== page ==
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UniSQ nursing program revolutionises rural learning

A nurse standing in a hospital room with a stethoscope.
Ms Bain graduated from the University of Southern Queensland last month and is now working as a registered nurse at the Charleville Hospital.

Living on a cattle station in Cheepie, a small town eight hours from the nearest university campus, you could be forgiven for feeling isolated while studying to be a nurse.

But that was never the case for Bianca Bain, thanks to a program that brings university education to the bush.

Launched in semester 1, 2022, the University of Southern Queensland-led innovation is growing the pipeline of South West Queensland talent equipped for careers in healthcare.

Delivered in partnership between UniSQ, South West Hospital and Health Service and Southern Queensland Rural Health (SQRH), the program allows students to study a Bachelor of Nursing at Charleville's SQRH Clinical Training Facility and connect with other students in their cohort.

“Having a study space here at Charleville created a more convenient way to complete my studies and was an amazing help over my two years of study,” Ms Bain said.

“Being able to learn with a small group of fellow students and not study in isolation meant we got to know each other well, formed a great bond, and became comfortable working together.

“It was encouraging to see this facility reaching rural areas, making it easier for students to access equipment, tools and academic support.”

In addition to being able to stay in her hometown, Ms Bain didn’t have to worry about the cost of attending a residential school.

“Without the cohort, I would have had to travel 1400km return and take a week off work for residential schools,” she said.

Growing up, Ms Bain’s mother was a registered nurse and midwife.

“My mother had a huge range of knowledge, and after years of hearing her stories and learning more about the profession, I decided that’s what I wanted to do,” she said.

Ms Bain graduated from the University of Southern Queensland last month and is now working as a registered nurse at the Charleville Hospital.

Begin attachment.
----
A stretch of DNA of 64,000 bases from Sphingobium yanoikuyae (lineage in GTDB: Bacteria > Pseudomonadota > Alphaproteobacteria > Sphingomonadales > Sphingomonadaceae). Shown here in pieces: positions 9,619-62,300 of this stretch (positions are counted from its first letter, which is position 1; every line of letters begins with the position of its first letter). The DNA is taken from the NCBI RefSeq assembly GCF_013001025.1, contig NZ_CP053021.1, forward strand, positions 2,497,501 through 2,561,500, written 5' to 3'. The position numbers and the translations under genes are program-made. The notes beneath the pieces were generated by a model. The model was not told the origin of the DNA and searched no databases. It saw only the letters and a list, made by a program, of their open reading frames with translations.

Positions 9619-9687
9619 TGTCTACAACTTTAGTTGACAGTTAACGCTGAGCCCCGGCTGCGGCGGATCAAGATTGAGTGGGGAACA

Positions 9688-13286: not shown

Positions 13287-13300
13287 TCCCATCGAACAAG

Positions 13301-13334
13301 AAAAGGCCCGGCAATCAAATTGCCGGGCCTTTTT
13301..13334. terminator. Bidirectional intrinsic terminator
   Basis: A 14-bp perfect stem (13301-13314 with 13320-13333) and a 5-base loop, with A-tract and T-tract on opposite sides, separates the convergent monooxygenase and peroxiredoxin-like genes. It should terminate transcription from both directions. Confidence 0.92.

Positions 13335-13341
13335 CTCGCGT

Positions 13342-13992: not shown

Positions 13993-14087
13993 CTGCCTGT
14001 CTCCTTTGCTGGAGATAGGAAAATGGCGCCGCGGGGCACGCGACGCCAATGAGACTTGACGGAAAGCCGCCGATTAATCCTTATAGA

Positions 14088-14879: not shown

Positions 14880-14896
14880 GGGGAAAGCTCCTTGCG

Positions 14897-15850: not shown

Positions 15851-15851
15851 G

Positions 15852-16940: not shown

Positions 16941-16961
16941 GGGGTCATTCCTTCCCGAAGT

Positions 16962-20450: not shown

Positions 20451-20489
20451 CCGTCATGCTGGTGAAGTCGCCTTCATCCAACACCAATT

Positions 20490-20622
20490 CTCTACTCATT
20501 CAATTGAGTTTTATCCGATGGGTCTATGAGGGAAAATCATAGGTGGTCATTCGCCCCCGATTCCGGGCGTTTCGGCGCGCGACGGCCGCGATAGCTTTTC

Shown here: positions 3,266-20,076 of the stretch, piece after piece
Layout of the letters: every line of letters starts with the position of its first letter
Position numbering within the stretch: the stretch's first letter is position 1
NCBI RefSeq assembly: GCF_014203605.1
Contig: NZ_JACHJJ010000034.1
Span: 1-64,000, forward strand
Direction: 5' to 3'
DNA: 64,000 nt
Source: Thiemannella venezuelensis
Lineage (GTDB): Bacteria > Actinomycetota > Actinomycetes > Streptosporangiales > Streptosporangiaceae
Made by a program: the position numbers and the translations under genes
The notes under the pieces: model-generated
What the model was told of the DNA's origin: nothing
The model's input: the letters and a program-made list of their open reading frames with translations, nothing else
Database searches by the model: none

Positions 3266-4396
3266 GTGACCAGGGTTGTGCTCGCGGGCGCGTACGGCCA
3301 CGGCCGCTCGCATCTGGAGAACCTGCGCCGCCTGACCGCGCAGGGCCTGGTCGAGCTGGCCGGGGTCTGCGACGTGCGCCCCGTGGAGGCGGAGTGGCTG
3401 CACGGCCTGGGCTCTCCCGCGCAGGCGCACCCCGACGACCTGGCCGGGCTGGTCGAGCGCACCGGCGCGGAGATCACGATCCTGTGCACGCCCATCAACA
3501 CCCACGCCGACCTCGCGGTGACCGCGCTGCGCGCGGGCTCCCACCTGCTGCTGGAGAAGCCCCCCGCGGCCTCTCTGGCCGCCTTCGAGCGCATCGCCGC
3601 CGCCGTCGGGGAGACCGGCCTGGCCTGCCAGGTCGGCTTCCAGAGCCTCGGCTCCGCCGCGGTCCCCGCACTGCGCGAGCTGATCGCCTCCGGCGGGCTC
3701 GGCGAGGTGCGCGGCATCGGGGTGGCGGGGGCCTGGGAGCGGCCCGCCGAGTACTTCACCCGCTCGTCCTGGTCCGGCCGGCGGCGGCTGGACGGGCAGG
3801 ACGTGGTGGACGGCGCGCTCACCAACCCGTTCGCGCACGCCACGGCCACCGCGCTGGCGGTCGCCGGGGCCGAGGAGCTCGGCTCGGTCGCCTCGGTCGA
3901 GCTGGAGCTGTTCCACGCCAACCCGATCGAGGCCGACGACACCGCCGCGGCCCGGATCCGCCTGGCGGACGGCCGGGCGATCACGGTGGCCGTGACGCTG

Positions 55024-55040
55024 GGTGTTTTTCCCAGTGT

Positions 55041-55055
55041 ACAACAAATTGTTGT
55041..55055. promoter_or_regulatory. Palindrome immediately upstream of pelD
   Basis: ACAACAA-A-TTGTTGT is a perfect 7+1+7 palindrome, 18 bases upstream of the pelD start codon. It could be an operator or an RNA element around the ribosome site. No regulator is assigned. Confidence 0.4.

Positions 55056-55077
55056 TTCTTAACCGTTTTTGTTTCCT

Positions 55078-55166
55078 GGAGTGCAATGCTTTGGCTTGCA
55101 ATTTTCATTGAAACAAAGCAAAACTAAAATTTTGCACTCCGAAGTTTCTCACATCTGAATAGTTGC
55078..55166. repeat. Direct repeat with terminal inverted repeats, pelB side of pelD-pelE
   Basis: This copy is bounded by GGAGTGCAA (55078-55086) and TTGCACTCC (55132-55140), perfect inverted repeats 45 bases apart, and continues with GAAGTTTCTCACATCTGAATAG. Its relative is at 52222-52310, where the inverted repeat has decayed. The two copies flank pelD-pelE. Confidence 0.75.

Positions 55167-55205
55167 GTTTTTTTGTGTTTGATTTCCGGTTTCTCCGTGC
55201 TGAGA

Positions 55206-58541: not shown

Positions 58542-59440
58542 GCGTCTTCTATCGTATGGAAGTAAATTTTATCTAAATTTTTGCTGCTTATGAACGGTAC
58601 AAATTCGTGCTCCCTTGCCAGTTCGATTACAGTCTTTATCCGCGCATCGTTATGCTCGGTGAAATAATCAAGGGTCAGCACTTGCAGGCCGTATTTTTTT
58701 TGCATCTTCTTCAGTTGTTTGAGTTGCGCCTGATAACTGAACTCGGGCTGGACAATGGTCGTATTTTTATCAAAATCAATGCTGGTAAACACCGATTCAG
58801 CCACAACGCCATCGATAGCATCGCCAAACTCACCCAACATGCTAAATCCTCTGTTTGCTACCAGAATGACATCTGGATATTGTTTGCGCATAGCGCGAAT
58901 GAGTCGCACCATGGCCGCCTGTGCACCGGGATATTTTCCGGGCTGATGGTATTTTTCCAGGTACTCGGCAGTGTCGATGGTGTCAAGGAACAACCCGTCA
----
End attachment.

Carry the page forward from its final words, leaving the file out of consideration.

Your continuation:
“I have loved working in Charleville. There’s a great team at the hospital, and being a rural hospital, there’s more of a personal side to how things are done,” she said.

Ms Bain, Phillipa Wallace, Em Hall, Shauna Mckinsley, Aly Fitzsimmons and Katie Lark were the first students to complete the program and become registered nurses.

Their achievements were recognised during a recent celebration event at Charleville.

The event was attended by local health officials, community groups, school representatives and Murweh Shire Council Mayor, Cr Shaun Radnedge.

The keynote speakers were Dr Ruth Stewart, National Rural Health Commissioner, and Dr Shelley Nowlan, Chief Nursing and Midwifery Officer for Queensland Health and Deputy National Rural Health Commissioner.

“It was a great chance for not just the University but the entire community to celebrate these students’ hard work,” UniSQ nursing lecturer and Charleville coordinator Jessie Elliott said.

“Since their first residential school, I have watched them grow and become registered nurses in their communities. I am proud of their achievement.

“The clinical staff at South West Hospital and Health Service, clinical facilitators, educators and placement officers; many people have been part of these students’ journey.”

While healthcare workers in the cities are being offered cash incentives to move to fill gaping holes in the regional health workforce, Ms Elliott said UniSQ was expanding and improving its learning environment and practical experiences for nursing students living in rural and remote settings.

“Charleville has seen the impact this program has made in their community, and we hope it will inspire many others to study as well,” Ms Elliott said.

“The University of Southern Queensland’s vision is to provide accessible and equitable higher education opportunities that can help create a level playing field for all students, regardless of where they live or the background from which they come.

“We’re committed to providing a supportive environment where students in the bush can live, study, and work locally.”

Learn more about the University of Southern Queensland’s nursing program.